In their first meeting, President Joe Biden and Britain’s prime minister Boris Johnson sought to redefine the Western alliance and sign a new “Atlantic Charter” — 80 years after President Franklin D. Roosevelt and Prime Minister Winston Churchill first put pen to paper.

“It was a statement of first principles, a promise that the United Kingdom and the United States would meet the challenges of their age and that we’d meet it together,” Biden declared. “Today, we build on that commitment, with a revitalized Atlantic Charter, updated to reaffirm that promise while speaking directly to the key challenges of this century.”

The new charter is a 604-word declaration that updates the language of the original charter to emerging present-day threats such as cyber attacks, the climate crisis, and the Covid-19 pandemic, while reaffirming the friendship between the two nations and their commitment to sovereignty and territorial integrity.

The original charter, signed aboard warships anchored at Placentia Bay off the coast of Newfoundland, Canada, on August 14, 1941, was an ideological plan that sought to enforce the main tenets of liberalism: the restoration of sovereign rights, self-government, self-determination, and economic advancement through free trade.

Drafted a little more than three months before the U.S. entry into World War II, the Atlantic Charter marked a certain willingness on the part of the Americans to become further involved in the conflict. In turn, the document effectively nullified British imperialistic domination. Although a great proponent of imperialism and the might of the Empire, Churchill understood clearly that the Allied plan of a long-war strategy was impossible without the economic might of the Americans. The British Empire had to shrink in order to survive.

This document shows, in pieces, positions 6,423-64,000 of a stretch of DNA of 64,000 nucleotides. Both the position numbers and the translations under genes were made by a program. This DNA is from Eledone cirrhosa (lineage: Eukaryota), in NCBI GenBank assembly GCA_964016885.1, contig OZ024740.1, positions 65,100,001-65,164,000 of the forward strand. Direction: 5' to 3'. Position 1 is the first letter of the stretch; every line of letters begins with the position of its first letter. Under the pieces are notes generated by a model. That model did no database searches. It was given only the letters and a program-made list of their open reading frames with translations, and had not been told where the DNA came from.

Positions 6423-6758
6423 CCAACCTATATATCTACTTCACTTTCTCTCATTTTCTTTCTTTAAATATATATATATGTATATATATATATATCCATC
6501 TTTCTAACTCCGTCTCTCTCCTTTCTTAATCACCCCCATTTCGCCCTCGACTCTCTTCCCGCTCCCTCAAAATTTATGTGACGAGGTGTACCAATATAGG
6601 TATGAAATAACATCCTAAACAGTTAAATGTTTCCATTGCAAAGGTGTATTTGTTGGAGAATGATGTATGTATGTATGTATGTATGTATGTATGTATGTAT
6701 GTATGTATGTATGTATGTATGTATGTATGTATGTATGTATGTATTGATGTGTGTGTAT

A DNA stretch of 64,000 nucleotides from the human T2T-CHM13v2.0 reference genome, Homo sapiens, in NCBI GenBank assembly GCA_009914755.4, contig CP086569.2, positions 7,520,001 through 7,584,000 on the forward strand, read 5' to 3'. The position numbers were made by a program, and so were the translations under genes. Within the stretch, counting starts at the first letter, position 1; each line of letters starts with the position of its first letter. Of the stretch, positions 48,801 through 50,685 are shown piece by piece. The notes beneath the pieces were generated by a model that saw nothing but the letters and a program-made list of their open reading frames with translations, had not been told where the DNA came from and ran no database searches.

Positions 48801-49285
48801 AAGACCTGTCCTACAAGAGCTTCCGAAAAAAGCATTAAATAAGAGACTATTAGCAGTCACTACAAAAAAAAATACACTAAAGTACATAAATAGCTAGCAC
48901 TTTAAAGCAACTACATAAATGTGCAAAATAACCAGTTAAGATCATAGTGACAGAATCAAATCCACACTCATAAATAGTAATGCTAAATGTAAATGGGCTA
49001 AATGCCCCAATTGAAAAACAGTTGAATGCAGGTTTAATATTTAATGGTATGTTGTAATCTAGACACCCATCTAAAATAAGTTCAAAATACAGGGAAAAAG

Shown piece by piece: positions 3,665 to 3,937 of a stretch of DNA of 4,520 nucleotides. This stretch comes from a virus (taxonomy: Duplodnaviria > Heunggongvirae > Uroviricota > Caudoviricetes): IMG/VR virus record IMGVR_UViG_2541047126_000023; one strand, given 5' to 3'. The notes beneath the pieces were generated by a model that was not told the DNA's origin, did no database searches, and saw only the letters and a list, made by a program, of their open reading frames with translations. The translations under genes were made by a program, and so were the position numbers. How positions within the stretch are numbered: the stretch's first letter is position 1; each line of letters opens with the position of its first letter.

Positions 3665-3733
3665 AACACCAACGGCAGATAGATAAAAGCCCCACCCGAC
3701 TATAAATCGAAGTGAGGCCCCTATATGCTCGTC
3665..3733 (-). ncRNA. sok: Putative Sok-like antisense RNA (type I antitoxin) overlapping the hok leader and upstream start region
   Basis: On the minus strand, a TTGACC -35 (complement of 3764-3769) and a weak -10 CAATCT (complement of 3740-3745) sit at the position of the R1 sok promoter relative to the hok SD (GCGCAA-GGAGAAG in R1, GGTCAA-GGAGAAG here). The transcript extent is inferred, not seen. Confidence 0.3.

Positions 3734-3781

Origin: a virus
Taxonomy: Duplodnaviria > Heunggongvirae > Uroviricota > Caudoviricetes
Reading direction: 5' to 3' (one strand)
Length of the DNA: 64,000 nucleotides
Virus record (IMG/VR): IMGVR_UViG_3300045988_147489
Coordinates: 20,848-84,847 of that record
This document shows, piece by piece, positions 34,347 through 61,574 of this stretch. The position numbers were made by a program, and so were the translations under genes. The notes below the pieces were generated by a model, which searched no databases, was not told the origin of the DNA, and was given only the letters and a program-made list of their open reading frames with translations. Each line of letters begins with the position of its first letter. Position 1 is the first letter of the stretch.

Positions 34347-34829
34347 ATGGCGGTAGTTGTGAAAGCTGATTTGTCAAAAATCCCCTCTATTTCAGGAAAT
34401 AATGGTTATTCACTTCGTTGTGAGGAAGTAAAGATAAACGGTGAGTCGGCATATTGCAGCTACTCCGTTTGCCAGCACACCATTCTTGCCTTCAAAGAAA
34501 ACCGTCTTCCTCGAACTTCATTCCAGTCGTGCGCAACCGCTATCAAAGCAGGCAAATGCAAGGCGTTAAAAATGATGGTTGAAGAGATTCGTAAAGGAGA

On the other side of the Atlantic, the Americans were waking up to the threat posed by the Germans, and subsequently the Japanese, and began building up their military and naval power.

The latest meeting between the two Allies was hosted in a seaside resort in Cornwall, England, and meant to update what Biden’s aides described as a “musty” document.

“Where the original charter contemplated the ‘final destruction of the Nazi tyranny’ and called for freedom to ‘traverse the high seas and oceans without hindrance,’ the new version focused on the ‘climate crisis’ and the need to ‘protect biodiversity,’” writes the Times. “It is sprinkled with references to ‘emerging technologies,’ ‘cyberspace’ and ‘sustainable global development.’”

Yet throughout the meeting, Johnson continued to pay particular homage to the former wartime leaders, telling reporters, “This was the beginning of the alliance, and of NATO.”

From Cornwall, Biden and Johnson made it clear that they intend to brush off the “mustiness” and strengthen the document that originally helped to cement the “special relationship” between the two nations.